Jeff's MCAD Blogging
Jeffrey Rowe has more than 40 years of experience in all aspects of industrial design, mechanical engineering, and manufacturing. On the publishing side, he has written well over 1,000 articles for CAD, CAM, CAE, and other technical publications, as well as consulting in many capacities in the … More »
May 9th, 2018 by Jeff Rowe
DP Technology and its ESPRIT CAM System deliver a wide range of machining solutions for Industry 4.0 smart manufacturing.
DP Technology Corp is a privately held company co-founded in 1982 by Daniel Frayssinet and Paul Ricard. The company gets its name from the first names of the co-founders – (D)an and (P)aul. The company’s corporate headquarters is in Camarillo, California. The rest of the company is structured by function with offices in France, Germany, India, Italy, China, and Japan.
DP Technology is the developer of the diverse ESPRIT CAM System sold and supported via the company’s regional offices and its network of resellers around the world. ESPRIT has also developed close partnerships with several leading milling, turning, and wire-EDM machine tool manufacturers, including Okuma, Mazak, DMG Mori, Citizen, STAR, Mitsubishi, GF AgiCharmilles, Doosan, and Tsugami, just to name a few.
ESPRIT literally gets its name from the French noun, esprit de corps, that translates to spirit of a body of persons or group spirit; sense of pride, honor, etc. shared by those in the same group or undertaking.
DP Technology develops CAM software for a full range of machine tool applications. ESPRIT CAM, DP Technology’s flagship product line, is a full-spectrum programming system for milling, turning, wire EDM, and multitasking machine tools. ESPRIT’s data exchange functionality reads data from most native formats, including Autodesk Inventor, CATIA, SOLIDWORKS, Solid Edge, NX, ACIS, and Pro/ENGINEER (Creo). DP Technology also provides complementary add-ins for several CAD programs.
DP Technology continually reinforces its commitment to its technology and customers by dedicating approximately 25% of its annual revenues to ongoing product research and development. According to Don Davies, VP of Americas, DP Technology Corp., the company also has what he called “shadow R&D,” who are application engineers in the field developing post processors and simulation solutions with machine tool OEMs and dealers.
Don Davies, VP of Americas, DP Technology Corp. at SOLIDWORKS World 2018
When asked about the state of the CAM market, Davies said that it is largely fragmented into distinct segments – integrated CAD/CAM vendors, such as Dassault Systemes, PTC, and Siemens PLM Software; and independent CAM vendors, such as DP Technology, Mastercam, and other VAR-based dealers. He said each has its own advantages but thought that the dedicated efforts that independent companies specializing in CAM bring the most to the table, and obviously, he felt that DP Technology had the ability to serve up the most comprehensive product/technology lineup in the competitive CAM market.
DP Technology is helping manufacturers prepare for the digital transformation that’s taking place in manufacturing, with solutions including digital twinning, digital threads, machine-aware manufacturing, knowledge-based machining, and cloud-enabled databases.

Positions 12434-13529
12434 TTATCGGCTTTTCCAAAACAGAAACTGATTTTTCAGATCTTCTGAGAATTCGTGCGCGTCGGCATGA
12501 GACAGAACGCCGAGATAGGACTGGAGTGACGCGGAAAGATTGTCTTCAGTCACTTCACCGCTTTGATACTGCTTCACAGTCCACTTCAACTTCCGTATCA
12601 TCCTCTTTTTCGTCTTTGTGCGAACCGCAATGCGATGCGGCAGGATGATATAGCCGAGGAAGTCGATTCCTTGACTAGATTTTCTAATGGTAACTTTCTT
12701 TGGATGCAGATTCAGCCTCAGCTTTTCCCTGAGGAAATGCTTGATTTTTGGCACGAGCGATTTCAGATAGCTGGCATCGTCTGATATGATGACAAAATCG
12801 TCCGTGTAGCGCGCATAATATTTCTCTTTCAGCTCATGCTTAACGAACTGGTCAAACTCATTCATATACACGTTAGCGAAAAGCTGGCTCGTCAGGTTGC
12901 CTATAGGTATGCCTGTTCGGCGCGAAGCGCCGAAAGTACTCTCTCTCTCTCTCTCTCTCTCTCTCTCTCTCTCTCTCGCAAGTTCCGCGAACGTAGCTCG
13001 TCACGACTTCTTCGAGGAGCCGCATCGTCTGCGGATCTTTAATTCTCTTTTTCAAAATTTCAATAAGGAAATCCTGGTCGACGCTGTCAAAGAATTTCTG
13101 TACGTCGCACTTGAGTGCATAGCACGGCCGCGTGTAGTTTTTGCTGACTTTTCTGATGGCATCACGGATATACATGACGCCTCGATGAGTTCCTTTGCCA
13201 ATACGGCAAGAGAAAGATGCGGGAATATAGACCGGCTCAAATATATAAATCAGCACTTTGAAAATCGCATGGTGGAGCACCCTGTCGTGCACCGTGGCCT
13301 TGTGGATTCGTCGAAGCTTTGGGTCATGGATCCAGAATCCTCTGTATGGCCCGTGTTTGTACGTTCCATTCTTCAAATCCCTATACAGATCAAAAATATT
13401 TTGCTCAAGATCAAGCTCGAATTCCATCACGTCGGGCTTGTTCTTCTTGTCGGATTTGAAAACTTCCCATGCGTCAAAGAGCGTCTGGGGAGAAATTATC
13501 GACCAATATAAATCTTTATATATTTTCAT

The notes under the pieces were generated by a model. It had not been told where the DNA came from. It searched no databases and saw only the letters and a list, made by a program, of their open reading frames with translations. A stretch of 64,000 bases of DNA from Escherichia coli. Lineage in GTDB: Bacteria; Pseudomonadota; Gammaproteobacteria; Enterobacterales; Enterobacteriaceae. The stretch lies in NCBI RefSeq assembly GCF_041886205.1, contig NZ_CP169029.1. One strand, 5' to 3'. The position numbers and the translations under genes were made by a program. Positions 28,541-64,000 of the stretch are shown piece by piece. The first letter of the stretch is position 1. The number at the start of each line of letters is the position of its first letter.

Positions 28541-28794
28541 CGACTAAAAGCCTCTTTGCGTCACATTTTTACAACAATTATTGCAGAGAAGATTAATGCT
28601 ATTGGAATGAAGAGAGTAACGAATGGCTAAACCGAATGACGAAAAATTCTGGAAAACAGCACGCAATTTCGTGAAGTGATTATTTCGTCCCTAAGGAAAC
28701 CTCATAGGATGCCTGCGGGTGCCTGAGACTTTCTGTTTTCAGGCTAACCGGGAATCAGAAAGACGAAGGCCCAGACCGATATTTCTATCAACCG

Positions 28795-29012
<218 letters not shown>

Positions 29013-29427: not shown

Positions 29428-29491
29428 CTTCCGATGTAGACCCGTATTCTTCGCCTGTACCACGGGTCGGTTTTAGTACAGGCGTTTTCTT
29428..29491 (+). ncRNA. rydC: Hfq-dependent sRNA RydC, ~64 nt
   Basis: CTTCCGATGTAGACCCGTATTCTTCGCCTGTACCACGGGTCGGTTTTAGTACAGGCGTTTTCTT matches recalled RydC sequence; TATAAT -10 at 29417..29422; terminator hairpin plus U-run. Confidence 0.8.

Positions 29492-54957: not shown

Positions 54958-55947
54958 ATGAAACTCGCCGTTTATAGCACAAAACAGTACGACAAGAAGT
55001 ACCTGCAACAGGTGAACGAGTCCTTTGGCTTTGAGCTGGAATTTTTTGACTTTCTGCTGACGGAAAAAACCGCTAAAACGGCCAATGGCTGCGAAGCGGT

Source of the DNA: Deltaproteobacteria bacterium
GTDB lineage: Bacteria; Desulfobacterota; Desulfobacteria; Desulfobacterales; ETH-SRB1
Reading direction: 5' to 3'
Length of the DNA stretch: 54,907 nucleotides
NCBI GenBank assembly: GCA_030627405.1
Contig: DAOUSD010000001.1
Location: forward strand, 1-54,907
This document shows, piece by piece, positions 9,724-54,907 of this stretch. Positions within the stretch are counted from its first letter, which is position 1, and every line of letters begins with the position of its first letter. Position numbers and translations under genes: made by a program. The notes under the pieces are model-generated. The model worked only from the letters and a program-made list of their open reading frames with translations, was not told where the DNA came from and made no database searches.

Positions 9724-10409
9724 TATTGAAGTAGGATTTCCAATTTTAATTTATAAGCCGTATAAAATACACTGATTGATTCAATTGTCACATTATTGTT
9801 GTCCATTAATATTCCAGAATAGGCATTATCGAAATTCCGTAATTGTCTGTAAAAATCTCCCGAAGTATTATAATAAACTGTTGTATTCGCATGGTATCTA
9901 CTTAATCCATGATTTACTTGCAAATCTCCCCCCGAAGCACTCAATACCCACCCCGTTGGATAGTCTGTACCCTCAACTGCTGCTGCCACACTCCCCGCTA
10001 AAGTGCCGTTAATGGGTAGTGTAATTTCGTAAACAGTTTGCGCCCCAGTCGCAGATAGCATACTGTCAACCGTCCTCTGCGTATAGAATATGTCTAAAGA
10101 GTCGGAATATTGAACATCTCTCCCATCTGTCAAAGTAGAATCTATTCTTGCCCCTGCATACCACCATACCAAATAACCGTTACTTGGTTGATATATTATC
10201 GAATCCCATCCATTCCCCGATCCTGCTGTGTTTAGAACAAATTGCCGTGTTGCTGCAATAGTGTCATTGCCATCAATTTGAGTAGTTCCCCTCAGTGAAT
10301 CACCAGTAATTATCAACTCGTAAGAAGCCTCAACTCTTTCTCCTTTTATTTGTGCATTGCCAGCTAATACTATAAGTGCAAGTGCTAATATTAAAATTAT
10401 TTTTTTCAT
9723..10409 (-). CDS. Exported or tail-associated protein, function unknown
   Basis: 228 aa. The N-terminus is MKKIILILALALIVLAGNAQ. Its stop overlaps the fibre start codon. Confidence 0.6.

To prepare manufacturers for an increasingly digital future, and to better support Industry 4.0 and smart manufacturing initiatives, DP Technology is focusing on a range of solutions to drive automation in manufacturing. The ESPRIT CAM System enables manufacturers to streamline workflows, prevent silos from forming during the manufacturing process, increase tool life and machine utilization, and create greater access to practical knowledge for process improvement.
May 3rd, 2018 by Jeff Rowe
An independent consulting firm and industry source that we know quite well, Wohlers Associates, Inc., recently released the Wohlers Report 2018, the company’s annual detailed analysis of additive manufacturing (AM) and 3D printing worldwide.
Wohlers Associates is widely recognized as the leading consulting firm and foremost authority on additive manufacturing and 3D printing. This annual publication has served as the undisputed industry-leading report on the subject for two decades. Over the 23 years of its publication, many (including me) have referred to the report as the “bible” of additive manufacturing (AM) and 3D printing—terms that are used interchangeably by the company (and industry).
Wohlers Report 2018 is filled with insightful data and perspective to inform readers of the most critical developments in the industry. According to the new report, an estimated 1,768 metal AM systems were sold in 2017, compared to 983 systems in 2016, an increase of nearly 80%. This dramatic rise in metal AM system installations accompanies improved process monitoring and quality assurance measures in metal AM, although more work is ahead. Increasingly, global manufacturers are becoming aware of the benefits of producing metal parts by additive manufacturing.
The Dramatic Rise In Metal AM System Sales (Source: Wohlers Report 2018)
April 26th, 2018 by Jeff Rowe
This past week I had the pleasure of attending RAPID + TCT 2018, a conference and exhibition that showcases 3D printing/additive manufacturing with a myriad new technologies, materials, and processes. The event, put on by the Society of Manufacturing Engineers (SME) is a highlight of the year for us, and again, we came away overwhelmed (in a very good way) by all that we witnessed.